Hmm.  It seems to be conference season!  Nothing for months, and then several come along in quick succession – just like metropolitan buses!  In the country we’re lucky if we get one an hour (each way)- buses that is…

Anyway, I digress!  Where was I?…. Oh yes, conferences.

This week kicked off conference season with a day’s conference hosted by the University of Derby on Joseph Wright, painter, otherwise known as Wright of Derby.  He was no mean painter and a bit of a polymath too, with interests in science and industry as well as considerable prowess with the brush.

Now Derby is not London, and, as is still the case too often today, that is seen as a problem if you want to get on in the world!  You may have heard of the North/South divide in the UK, but in those days it was more a London/Not London divide.  Derby, being in the Midlands, was most definitely Not London, and Wright was often not taken as a serious painter because of his provincial roots.  But this was a man who was proud of his heritage and, despite having fallings out with the powers-that-be who were in charge of the Royal Academy, his reputation as a painter was undisputed, but typically valued more after his death than during his lifetime.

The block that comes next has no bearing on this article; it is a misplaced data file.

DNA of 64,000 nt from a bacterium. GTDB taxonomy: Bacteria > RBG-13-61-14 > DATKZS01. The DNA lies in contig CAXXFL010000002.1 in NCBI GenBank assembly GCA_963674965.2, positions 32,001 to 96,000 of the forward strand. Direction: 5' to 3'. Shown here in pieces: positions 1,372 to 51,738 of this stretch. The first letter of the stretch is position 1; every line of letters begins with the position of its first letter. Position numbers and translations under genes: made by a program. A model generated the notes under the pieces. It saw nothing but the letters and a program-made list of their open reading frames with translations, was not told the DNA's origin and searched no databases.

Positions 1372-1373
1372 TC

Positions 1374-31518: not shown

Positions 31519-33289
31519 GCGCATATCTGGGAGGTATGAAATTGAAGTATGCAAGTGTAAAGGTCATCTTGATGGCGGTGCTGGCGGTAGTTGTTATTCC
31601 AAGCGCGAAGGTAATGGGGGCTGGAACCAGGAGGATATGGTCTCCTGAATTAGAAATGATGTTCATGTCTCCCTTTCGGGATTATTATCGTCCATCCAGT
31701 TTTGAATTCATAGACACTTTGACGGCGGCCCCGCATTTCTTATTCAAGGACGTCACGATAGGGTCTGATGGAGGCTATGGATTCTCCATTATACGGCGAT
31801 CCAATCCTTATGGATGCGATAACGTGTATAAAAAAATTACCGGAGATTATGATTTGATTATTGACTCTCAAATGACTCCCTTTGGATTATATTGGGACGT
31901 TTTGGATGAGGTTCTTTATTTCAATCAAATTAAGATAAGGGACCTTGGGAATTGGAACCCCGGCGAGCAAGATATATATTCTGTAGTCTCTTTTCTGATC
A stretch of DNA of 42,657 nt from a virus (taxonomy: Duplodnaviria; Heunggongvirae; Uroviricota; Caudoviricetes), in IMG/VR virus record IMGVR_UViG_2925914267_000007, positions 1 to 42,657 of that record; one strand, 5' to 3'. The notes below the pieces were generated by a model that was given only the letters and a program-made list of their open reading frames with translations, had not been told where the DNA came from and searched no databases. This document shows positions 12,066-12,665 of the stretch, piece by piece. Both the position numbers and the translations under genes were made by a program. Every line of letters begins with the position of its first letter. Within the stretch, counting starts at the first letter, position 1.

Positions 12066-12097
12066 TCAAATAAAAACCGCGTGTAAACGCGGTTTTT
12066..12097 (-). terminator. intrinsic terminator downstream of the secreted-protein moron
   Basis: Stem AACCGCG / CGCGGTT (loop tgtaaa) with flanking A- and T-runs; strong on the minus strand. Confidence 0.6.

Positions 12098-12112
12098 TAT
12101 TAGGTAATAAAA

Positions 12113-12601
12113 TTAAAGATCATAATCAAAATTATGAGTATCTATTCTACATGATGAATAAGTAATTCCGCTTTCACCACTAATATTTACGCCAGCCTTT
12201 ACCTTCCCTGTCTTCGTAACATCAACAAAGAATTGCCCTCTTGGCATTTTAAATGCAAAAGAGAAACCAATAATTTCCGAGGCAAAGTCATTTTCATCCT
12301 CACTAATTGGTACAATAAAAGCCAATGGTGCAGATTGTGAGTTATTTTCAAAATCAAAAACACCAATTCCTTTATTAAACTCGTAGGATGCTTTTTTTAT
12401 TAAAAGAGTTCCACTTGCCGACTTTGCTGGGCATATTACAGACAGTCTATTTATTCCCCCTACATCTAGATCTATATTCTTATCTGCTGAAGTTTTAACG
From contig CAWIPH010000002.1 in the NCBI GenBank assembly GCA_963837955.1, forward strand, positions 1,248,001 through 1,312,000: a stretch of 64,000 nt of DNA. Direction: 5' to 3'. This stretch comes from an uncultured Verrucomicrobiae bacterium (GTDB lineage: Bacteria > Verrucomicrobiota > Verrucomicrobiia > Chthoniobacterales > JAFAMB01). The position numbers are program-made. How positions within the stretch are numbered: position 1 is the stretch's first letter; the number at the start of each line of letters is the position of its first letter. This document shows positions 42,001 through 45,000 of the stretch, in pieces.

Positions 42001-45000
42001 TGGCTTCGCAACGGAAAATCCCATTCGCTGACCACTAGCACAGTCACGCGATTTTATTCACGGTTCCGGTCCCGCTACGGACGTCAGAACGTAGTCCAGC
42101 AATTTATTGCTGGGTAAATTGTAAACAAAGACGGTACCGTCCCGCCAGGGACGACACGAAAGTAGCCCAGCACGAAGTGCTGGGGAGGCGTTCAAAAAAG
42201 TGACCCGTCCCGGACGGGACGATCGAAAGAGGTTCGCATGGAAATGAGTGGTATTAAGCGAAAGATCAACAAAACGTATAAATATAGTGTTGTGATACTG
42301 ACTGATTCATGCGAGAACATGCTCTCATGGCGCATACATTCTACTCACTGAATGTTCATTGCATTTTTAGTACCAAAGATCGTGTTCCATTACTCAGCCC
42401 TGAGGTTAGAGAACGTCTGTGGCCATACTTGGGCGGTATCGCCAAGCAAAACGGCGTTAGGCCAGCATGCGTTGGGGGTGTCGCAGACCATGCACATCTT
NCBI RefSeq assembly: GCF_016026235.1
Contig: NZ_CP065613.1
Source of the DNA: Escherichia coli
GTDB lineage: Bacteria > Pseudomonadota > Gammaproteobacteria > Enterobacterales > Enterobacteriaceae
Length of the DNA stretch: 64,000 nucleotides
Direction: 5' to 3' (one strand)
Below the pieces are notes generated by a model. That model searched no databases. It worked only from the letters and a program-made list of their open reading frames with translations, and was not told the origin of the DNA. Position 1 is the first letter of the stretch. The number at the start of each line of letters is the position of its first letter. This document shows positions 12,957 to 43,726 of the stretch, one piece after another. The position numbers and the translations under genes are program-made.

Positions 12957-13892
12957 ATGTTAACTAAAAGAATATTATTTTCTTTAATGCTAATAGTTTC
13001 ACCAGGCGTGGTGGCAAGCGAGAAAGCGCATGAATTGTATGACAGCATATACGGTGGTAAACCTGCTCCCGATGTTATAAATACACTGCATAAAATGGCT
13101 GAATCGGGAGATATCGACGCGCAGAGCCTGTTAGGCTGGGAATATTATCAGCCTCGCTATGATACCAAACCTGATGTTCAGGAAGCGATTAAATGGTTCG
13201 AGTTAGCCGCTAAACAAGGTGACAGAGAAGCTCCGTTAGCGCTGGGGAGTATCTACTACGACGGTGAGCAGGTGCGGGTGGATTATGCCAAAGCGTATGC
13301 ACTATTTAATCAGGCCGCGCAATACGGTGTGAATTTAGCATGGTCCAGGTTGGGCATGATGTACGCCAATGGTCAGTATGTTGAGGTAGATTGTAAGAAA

The conference was a very interesting affair, looking at different facets of his life and the place and people who were important in his life.  So we looked at the artistic composition of his work, geographical locations of his landscapes, his relationships with the important creatives and scientists of the time, including Rousseau, Hayley (the poet), and Erasmus Darwin, and the music in his life.

There is a wonderful collection of his work at the Derby Museums and we were also treated to a peek behind the scenes by the Keeper of the Collection.

The day was rounded off by a performance of music (flute and harpsichord) which would have been played in the music society of which he was an active member.

Next week, I am attending a conference on Contemporary Craft in historic settings which will “explore ways in which makers can work within historical contexts”.  Then there is one in February, in connection with the Lost in Lace Exhibition that I talked about last month.  So I’ll keep you posted!